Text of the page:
In the last post in this series, I wrote about beans and dumplings and how this originates as poor people's food that my family continued to eat even as they rose into the middle class.
I e-mailed my mother asking her about favourite foods and family traditions and she echoed this theme when she wrote of her mother, "I’ll gross you out--a favorite of mom’s was pickled pig's feet. Once again poor people’s food." I remember Mammoo eating her pickled pig's feet. And it grossed me out as a kid.
Mammoo grew up in Arkansas, raised by her grandfather. Her parents were divorced. Her mother died in an institution around the age of thirty, and her father had run off and later died on the street in California. Mammoo had been the cook for her grandfather and brother from childhood.
Besides the pinto beans with dumplings and cornbread, the other simple food I fondly remember from growing up was fried chicken gizzards. Not gizzards served as an appetizer or side dish like you might get in a restaurant but gizzards as the main dish.
These gizzards pictured here are ones I had last week when our family went to eat at Quick Bites Soul Food in Bellevue, Nebraska.
When Mom fried gizzards for supper she usually fixed potato salad as the side. Mom's potato salad was mustard based and bright yellow. I love that potato salad and make it all the time in the summer.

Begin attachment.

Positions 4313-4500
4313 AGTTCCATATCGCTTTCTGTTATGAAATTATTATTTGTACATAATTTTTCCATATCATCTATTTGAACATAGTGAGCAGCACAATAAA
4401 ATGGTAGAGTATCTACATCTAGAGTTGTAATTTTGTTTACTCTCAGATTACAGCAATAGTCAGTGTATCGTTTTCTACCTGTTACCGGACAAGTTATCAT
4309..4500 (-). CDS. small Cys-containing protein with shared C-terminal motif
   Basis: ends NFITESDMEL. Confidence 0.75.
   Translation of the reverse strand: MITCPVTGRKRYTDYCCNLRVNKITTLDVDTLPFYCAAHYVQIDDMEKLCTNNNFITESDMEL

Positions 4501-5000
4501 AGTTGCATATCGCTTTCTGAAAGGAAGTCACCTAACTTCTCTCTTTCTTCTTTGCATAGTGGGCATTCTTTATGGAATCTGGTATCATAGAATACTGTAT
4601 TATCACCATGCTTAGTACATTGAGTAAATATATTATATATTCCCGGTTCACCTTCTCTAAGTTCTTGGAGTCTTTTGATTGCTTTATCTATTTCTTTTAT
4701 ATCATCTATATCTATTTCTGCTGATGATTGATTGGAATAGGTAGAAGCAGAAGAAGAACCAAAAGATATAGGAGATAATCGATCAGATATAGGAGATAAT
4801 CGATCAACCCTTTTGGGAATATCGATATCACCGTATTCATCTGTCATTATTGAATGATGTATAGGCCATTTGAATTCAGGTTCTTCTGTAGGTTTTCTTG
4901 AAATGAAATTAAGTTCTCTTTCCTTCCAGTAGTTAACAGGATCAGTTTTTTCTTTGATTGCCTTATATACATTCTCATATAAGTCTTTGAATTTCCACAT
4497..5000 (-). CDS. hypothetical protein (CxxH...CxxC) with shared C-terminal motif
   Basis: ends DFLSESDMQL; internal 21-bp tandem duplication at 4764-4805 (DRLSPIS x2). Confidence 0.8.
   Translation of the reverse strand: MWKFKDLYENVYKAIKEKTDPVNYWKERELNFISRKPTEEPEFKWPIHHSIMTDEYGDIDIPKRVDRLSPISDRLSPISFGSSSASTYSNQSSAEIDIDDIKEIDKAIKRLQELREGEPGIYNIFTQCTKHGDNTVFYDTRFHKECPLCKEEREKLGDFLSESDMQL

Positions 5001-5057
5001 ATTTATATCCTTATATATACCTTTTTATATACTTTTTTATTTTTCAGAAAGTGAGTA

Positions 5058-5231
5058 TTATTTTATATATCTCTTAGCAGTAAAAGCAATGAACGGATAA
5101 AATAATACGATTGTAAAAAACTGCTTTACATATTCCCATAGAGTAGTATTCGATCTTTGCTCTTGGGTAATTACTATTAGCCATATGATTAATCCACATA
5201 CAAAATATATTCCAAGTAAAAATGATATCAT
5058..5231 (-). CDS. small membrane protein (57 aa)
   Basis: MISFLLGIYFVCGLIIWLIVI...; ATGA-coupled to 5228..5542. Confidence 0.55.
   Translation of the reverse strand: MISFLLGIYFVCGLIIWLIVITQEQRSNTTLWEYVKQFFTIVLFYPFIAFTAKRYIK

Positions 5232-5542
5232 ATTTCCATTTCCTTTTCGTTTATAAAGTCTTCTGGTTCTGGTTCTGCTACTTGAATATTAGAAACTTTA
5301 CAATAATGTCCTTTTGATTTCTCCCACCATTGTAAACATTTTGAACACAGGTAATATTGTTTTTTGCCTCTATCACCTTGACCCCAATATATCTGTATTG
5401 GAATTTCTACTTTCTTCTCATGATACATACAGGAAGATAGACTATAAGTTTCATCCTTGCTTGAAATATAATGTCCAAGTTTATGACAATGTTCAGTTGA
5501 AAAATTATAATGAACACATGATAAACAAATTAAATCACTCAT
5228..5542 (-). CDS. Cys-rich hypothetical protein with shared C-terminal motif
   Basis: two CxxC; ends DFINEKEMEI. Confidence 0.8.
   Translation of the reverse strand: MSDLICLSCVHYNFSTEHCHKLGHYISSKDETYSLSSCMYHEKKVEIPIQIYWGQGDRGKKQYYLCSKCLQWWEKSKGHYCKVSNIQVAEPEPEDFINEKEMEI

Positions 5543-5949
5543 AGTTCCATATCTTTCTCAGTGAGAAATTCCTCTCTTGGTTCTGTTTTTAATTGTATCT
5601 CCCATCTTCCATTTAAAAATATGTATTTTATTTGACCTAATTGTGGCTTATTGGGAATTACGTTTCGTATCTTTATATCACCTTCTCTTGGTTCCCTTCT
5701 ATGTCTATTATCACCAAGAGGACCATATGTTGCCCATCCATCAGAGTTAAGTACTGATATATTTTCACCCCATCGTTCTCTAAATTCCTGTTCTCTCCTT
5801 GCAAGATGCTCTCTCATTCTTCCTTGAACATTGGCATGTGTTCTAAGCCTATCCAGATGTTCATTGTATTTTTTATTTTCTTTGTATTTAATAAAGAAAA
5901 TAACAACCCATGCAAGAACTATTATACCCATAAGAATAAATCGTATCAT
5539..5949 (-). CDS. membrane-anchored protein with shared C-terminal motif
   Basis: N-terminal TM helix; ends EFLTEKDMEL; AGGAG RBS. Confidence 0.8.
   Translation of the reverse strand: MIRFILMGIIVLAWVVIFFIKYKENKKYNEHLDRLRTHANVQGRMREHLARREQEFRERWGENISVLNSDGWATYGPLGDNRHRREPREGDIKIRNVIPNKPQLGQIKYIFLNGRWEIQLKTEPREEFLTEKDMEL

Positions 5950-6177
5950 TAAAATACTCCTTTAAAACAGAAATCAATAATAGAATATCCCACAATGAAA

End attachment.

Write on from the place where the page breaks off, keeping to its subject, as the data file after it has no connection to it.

In ours the potatoes are smooth like mashed potatoes rather than chunky like in some. And you add some mayonnaise, pickle juice, chopped pickles and scallions, and a dash of paprika.
Dad's favourite dinner was steak and potatoes. What were the many ways we ate potatoes growing up? I could sound a little like Bubba listing them: mashed, scalloped, fried, boiled, hashbrowns, etc.
My aunt Rhonda, whom I affectionately called K-K when I was kid (her middle name was Katherine), once made me some potato soup. Forever after it was K-K soup. Mom always complained that she had made the same soup for years but K-K made it once and forever after it was named for her. BTW, I've got a great potato soup recipe I learned from a church member in Dallas when I served there.
In 2016 Mom, Kelli, and I traveled in the west of Ireland, where the remnants of the potato famine are still visible. On our drive around the Dingle Peninsula we saw once cultivated fields that have lain unused since the famine, as the population of the area has never recovered.